As a 20-something year-old American, it’s probably no surprise to anyone that I’ve smoked marijuana on more than a few occasions.
I’ve often heard people say college is the perfect time to experiment with such things. I’m no Marie Curie, but let’s just say I’ve done my share of experimenting.
However, once the weight of real life came crushing down on my shoulders, smoking marijuana was a habit that just sort of faded into the background of my life.
Don’t get me wrong. I still enjoy the occasional toke in a social environment, but those instances few and far between. A 40-plus hour work week and a massive stack of bills don’t exactly lend credence to that lifestyle. And it’s not likely to become legal in my home state of Georgia anytime soon (although that’s never stopped me before).
Still, there’s no doubt I was thrilled at the chance to smoke marijuana legally for the first time in my life. And what better place to legally light up than in my favorite city in the U.S.?
My love for Denver, Colorado dates back to a trip I took when I was a freshman in high school. I was instantly enamored by the city’s skyline on my way in from DIA (Denver International Airport). Denver combines the awe-inspiring natural beauty of the Rocky Mountains with the convenience and efficiency of an eloquent modern metropolis.
Since my first visit in 2004, I made several trips back to Denver and the multiple ski towns in the Rockies. But on my latest visit, things were different.
Marijuana became legal for recreational consumption in Colorado at the beginning of 2014.
Since then, the state has seen its new industry explode. With the advent of over 350 marijuana storefronts and an infinite source of tax revenue, Colorado’s has economy fundamentally change – and it’s changed for the better.
Marijuana alone was a $700 million dollar industry in 2014. And that’s ignoring the huge spike in tourism that Denver and all of Colorado has benefited from.
I was intrigued by this brave new world and was excited to finally get a piece of the action. Shortly after we arrived downtown, I ran a quick Google search and my girlfriend Dasha and I were off to the nearest dispensary.
As I walked in the lobby of Rocky Mountain High, I was overcome by a familiar nervous tightness in my chest. What I was doing?…it felt wrong. Clearly I had no moral objections, but when “it’s illegal!” has been drilled into your head for 25 years, it’s hard to shake that disposition.
After having checked our IDs, a young man led us into the back of the store and showed us the goods.
It was immaculate. Luminous display lights shined on jars gorgeous green buds on one side of the case. On the other, a smorgasbord of cookies, candy, sodas and other treats looked delicious enough to warrant a taste – regardless of whether or not they were infused with THC.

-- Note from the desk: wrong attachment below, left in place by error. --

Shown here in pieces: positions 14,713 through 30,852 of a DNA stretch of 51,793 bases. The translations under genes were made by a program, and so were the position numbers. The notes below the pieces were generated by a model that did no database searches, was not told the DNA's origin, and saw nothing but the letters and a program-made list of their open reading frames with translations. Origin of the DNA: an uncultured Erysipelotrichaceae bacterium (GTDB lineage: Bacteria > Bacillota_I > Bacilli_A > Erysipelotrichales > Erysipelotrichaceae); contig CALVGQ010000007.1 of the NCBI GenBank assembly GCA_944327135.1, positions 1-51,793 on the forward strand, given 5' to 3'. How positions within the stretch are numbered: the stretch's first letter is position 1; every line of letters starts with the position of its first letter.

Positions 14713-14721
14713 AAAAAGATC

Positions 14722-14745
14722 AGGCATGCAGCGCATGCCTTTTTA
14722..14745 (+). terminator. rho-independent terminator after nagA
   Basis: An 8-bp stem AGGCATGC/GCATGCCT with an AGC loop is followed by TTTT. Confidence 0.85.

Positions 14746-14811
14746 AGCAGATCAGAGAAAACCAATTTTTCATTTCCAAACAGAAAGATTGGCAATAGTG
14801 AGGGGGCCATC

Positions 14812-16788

Choosing which delicacies we would indulge in proved quite difficult.
There was Purple Haze, Trainwreck, Blue Dream, Pinapple Express, Orange Kush, Glass Slipper, Cheese and Wizard to name a few. There were gummies, lollipops, truffles, baked goods and softdrinks all boasting a medicinal kick.
We ended up going with a familiar hybrid called Sour Diesel, and a few of the store’s individually wrapped chocolate truffles. Despite common misconceptions, the product was actually no more expensive in a regulated store than on the streets. Even with the state taxing it at 13 percent per sale, most strains of marijuana sell from $15 to $30 per gram – the same price your likely to pay on the street (or a frat house). I purchased the goods and a small glass pipe, and it was off to the hotel.
I gave the Sour Diesel a try on our first night in the hotel and was quite pleased with the results. I was giddy. The high was much more creative and energizing than the ones I’d received from my illegal purchases. There was no couch lock, no bloodshot eyes and no paranoia. I felt great – like I’d had a solid night’s sleep, a massage and a warm cup of coffee.
The next day, Dasha and decided to give our truffles a try. Dasha, being originally from Russia, had enjoyed far less experience with marijuana than me. The herb carries an even stronger stigma outside of the U.S., especially in conservative or religious societies. Still, she decided to be a trooper and take the plunge with me.
We were both pleasantly surprised by the taste. There was no skunky tang of grass – just the sweet flavor of chocolate and the smooth texture of Nutella. After walking around the snow-covered downtown area for about an hour, the effects started to kick in.
Naturally, we opted to grab a bite to eat.
We stumbled upon a quaint French restaurant for lunch and salivated over the menu options. I soon noticed that Dasha was really “feeling it.” She looked around at the other patrons in the restaurant and asked me if she looked strange. I shook my head no, but that didn’t do much to alleviate her concerns.
After we had placed our order, about 10 minutes passed before she asked, “Are they ever going to take our order?” I busted out in laughter, and she joined when I reminded her that we had already taken care of that.
We capped off that night with some ice skating before heading back to our hotel to devour an entire bag of pistachios back at the hotel while watching the Food Network.
We bookended our escapade by watching Peyton Manning throw a couple of touchdowns at Sports Authority Field at Mile High.
Our brief experience with “green tourism” was fantastic and really illuminated the harmlessness of state-regulated marijuana. If adults can drink responsibly, then smoking responsibility should be an absolute breeze.
It won’t happen in Georgia anytime soon, but the Peach State could really learn a lot from Colorado’s successful experiment.
Also published on Medium.